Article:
Secretary of War Edwin Stanton immediately hired Dana, ostensibly dispatching him to investigate payroll services in the Western Theatre, but secretly instructing him to determine if reports of General Ulysses S. Grant’s intoxication were true.  Dana was impressed by Grant’s modesty, honesty, and fairness, and insisted that the general’s binge drinking was infrequent and did not affect his military duties.  In 1863, Dana was named assistant secretary of war, and thereafter served as a mediator between Stanton, Grant, and President Abraham Lincoln.

At the end of the Civil War in April 1865, Dana accepted a position as editor of the Chicago Republican, where he introduced short paragraphs and humorous observations.  The reason for his departure from the newspaper in May 1866 was disputed, with friends blaming the journal’s bad financial state, and critics citing the editor’s desire for a lucrative patronage appointment with the New York Port Authority.  In 1867, with financial backing from wealthy Chicago friends, Dana purchased the New York Sun and the Associated Press wire service.  To balance the interests of the newspaper’s Republican stockholders with its readership consisting mainly of working-class Democrats, Dana announced that the Sun’s editorial stance would be independent of party.  Yet, his editorials consistently criticized the Grant administration (1869-1877), and increasingly moved toward the Democratic camp.

From 1870 until 1884, the Sun had the highest circulation among the city’s morning newspapers.  The journal covered labor issues extensively, and Dana’s editorials encouraged workers to establish cooperative ventures for housing and education.  In addition, the paper’s reporters covered a wide array of current events, including what became known as “human interest” stories, and set standards that other journalists tried to emulate.  Dana is still widely quoted today for his definition of news:  “When a dog bites a man, that is not news, but when a man bites a dog, that is news.”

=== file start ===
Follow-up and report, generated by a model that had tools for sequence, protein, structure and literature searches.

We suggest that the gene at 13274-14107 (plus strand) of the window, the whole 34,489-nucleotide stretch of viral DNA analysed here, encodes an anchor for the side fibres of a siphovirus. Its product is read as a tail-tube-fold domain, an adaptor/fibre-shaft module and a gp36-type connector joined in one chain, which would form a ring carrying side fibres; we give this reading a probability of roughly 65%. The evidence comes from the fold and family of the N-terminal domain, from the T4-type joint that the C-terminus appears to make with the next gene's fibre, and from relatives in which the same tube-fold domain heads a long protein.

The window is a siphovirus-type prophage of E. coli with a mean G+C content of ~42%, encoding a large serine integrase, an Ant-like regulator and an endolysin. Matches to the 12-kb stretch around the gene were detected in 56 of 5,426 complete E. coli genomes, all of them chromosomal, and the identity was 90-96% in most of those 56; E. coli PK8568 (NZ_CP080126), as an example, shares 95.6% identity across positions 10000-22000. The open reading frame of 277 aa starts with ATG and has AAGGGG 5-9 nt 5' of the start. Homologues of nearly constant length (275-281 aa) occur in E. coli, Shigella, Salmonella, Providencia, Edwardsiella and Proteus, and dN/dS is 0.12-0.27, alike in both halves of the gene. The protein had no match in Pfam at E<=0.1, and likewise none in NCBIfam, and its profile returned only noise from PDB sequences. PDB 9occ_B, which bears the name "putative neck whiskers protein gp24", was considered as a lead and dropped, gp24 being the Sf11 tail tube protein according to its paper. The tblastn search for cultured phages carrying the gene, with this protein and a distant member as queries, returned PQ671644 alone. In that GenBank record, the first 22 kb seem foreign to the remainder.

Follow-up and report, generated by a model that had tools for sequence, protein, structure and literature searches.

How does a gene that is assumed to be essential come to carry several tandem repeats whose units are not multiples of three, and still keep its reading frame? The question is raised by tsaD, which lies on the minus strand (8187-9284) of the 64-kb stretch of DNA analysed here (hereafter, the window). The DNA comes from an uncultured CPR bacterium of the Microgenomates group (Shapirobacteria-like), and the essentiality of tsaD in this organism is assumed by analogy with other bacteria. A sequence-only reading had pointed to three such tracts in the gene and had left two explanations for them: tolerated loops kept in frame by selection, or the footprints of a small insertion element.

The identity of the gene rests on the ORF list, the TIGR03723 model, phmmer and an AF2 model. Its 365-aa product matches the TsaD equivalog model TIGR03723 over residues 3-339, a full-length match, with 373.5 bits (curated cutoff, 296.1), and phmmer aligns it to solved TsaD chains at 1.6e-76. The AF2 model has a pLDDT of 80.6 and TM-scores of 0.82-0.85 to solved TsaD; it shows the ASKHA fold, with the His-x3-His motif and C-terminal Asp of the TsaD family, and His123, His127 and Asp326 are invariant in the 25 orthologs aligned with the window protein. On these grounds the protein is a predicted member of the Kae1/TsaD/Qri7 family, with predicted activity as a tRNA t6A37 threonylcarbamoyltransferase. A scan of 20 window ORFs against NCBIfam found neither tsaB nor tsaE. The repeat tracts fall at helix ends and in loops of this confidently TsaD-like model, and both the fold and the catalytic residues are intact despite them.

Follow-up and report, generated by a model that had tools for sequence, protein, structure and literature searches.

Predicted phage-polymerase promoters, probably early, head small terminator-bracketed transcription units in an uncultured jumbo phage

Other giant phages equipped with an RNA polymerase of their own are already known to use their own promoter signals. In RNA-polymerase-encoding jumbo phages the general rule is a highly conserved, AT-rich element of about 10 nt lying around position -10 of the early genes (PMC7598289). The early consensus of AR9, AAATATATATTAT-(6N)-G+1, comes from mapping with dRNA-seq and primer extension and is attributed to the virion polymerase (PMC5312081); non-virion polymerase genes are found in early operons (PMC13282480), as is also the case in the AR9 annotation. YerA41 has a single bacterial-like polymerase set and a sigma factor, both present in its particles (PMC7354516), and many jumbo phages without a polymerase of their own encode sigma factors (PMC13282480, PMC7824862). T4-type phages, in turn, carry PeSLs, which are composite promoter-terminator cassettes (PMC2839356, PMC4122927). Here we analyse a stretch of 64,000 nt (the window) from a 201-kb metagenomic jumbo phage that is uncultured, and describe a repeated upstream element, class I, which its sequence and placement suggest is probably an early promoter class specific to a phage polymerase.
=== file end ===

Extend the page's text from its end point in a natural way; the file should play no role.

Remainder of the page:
In 1884, Dana used his editorials to attack Governor Grover Cleveland of New York, the Democratic presidential nominee, and to support Benjamin Butler, the Greenback-Labor nominee.  Dana had failed to anticipate both his readership’s loyalty to the Democratic Party and competition from Joseph Pulitzer's New York World, which resulted in a dramatic 43% decline in the Sun’s circulation from 1884 to 1886.  Dana mortgaged his paper to buy new presses and doubled its length to eight pages (the same as the World’s).  He essentially conceded the loss of his working-class readership to the World, but added a new audience by backing the policies of pro-business Democrats.  The changed look and stance of the Sun halted its decline and sparked a limited increase in circulation, but the newspaper would never again be the formidable journalistic giant that it was in the 1870s.  Dana broke with the Democratic Party again in 1896 when it nominated William Jennings Bryan for president; this time, he endorsed the Republican candidate, William McKinley.  Dana died the next year in New York City.

Robert C. Kennedy




“The Setting Sun"
December 15, 2017